International Women's Day is a global celebration that sheds light on the struggle for women's rights.
The day was created to commemorate American female laborers who fought for their labor and voting rights in 1908, and this year, South Korea has officially designated the day as a public occasion.
One of the nation's largest labor organizations, the Korean Federation of Trade Unions held a special event to celebrate the day's 110th anniversary.
Hundreds of thousands of members of the union gathered in front of Seoul's Gwanghwamun square at 2 p.m. to attend the national female laborer's conference which seeks to highlight inequalities such as the gender wage gap in Korea.
"The root of the sexual harassment cases is not just because of one individual, but also because of the current social customs.
We will work to create a society where women's labor and sexual rights can be respected."
"Participants then headed to the annual "3 o'clock STOP" event, to join some 13 other organizations hoping to improve conditions for female workers in Korea."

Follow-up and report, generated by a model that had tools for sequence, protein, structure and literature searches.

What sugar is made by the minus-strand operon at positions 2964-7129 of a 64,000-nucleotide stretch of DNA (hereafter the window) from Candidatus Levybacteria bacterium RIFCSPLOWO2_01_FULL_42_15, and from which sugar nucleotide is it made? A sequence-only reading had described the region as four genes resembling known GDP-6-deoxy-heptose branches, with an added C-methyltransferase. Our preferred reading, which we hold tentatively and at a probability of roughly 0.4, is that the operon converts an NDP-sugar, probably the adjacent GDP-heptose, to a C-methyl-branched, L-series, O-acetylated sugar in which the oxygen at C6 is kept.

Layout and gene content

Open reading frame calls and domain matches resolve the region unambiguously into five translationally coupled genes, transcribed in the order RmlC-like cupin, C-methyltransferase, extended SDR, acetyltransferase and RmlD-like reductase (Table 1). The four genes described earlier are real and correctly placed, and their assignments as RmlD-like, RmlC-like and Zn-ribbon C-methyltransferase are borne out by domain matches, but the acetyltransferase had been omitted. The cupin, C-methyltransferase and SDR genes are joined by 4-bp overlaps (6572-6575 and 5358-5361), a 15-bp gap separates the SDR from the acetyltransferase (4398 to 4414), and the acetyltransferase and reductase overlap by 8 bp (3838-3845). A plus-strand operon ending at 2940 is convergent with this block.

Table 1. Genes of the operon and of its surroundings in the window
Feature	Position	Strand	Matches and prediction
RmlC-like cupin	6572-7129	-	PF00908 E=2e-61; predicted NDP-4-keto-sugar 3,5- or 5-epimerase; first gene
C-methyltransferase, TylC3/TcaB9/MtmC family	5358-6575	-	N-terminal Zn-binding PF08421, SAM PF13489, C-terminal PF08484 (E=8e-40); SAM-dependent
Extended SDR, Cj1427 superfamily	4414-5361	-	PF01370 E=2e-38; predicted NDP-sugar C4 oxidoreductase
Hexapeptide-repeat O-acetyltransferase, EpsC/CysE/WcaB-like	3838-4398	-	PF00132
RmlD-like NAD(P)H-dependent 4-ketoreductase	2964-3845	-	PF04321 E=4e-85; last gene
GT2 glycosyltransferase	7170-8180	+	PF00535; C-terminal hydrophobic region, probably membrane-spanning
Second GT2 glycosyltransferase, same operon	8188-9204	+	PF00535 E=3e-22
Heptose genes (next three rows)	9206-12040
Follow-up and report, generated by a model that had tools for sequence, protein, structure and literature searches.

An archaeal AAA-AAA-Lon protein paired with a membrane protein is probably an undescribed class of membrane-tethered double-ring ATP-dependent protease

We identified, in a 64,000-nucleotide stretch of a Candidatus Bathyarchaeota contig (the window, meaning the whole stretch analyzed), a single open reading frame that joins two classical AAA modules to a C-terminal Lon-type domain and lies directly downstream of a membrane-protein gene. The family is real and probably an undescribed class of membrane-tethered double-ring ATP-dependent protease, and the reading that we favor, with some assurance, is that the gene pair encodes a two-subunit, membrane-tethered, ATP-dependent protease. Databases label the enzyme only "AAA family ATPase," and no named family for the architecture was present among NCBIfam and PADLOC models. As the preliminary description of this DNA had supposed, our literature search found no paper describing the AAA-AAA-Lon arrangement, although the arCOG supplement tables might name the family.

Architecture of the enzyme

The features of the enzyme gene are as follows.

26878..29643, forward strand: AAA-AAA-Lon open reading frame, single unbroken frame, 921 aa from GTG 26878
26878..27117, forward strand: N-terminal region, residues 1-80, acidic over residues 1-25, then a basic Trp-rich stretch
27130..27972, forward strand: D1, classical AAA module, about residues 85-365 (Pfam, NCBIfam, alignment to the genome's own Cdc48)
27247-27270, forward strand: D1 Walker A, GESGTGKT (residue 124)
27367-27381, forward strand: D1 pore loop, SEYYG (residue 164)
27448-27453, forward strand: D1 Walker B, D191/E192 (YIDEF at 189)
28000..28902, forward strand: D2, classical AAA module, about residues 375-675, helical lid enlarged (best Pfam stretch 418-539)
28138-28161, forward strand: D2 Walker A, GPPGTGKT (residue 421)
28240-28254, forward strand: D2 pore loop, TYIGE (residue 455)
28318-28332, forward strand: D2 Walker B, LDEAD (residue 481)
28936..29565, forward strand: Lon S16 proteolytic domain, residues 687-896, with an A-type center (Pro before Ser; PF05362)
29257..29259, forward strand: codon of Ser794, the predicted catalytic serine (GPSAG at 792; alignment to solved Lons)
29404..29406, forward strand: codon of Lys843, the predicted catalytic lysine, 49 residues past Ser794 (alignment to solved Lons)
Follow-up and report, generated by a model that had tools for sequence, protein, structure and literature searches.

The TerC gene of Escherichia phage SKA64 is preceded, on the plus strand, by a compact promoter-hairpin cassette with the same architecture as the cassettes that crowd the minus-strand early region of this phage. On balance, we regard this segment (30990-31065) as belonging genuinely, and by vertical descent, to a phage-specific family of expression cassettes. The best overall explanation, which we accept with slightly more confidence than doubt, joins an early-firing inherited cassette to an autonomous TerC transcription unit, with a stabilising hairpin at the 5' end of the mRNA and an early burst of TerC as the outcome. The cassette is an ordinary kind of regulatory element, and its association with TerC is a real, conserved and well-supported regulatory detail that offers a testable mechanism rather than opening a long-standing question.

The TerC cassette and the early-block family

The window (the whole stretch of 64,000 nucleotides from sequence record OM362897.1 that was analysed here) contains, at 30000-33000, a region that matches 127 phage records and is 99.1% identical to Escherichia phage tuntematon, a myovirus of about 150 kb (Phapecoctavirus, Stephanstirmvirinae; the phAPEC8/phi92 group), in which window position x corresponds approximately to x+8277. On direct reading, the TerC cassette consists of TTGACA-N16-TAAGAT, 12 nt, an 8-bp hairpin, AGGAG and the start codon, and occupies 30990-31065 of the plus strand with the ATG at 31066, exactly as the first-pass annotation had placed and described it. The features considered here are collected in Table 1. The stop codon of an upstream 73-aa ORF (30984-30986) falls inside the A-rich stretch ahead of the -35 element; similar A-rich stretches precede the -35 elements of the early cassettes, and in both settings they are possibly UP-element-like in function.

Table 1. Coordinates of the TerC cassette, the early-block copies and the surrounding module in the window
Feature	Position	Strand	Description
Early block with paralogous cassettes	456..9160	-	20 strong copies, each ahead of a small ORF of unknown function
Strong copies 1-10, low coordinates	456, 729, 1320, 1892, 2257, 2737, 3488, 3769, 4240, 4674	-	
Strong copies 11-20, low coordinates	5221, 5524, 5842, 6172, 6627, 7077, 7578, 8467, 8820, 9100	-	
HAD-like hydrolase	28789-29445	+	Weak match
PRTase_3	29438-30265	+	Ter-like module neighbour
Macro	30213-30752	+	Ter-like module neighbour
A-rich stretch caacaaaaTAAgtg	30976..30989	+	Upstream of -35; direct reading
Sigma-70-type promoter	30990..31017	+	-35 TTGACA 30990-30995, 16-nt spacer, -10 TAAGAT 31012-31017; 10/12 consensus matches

The event, which is the second of its kind, demands for female workers to STOP and finish work at 3 p.m.
According to the organizers, the wage gap in South Korea was twice the OECD average, at 36.7 percent in 2015, which means that the wage women receive for a day's work is only equivalent to the wage men receive for working until 3 p.m.
The laborers demanded that the government find a solution to the multiplying sexual assault cases, solve the gender-based wage gap, and respect the labor rights of women.
The participants, most of them dressed in black, holding pickets that read '3 o'clock stop' and 'me too', shouted for women not to be afraid anymore.
"Let's end harassment in the workplace "
There were also male participants who raised their voices for gender equality.
"I came here to show my support towards eradicating violence against women. Especially nowadays when sexual harassment cases are rising, I hope that the government could come up with measures that can solve this problem as soon as possible."
Some of these people have been marching since this morning, and many also joined the street rally heading to the Ministry of Employment and Labor in Jung-gu district.
" I decided to visit because I wanted to celebrate the 110th anniversary of this special day.
I hope such movements can create a real democratic society where there is no sexual discrimination."
With ongoing campaigns such as the #Metoo movement, many hope the day could be an opportunity for women to be brave in speaking out.
Kim Mok-yeon, Arirang News.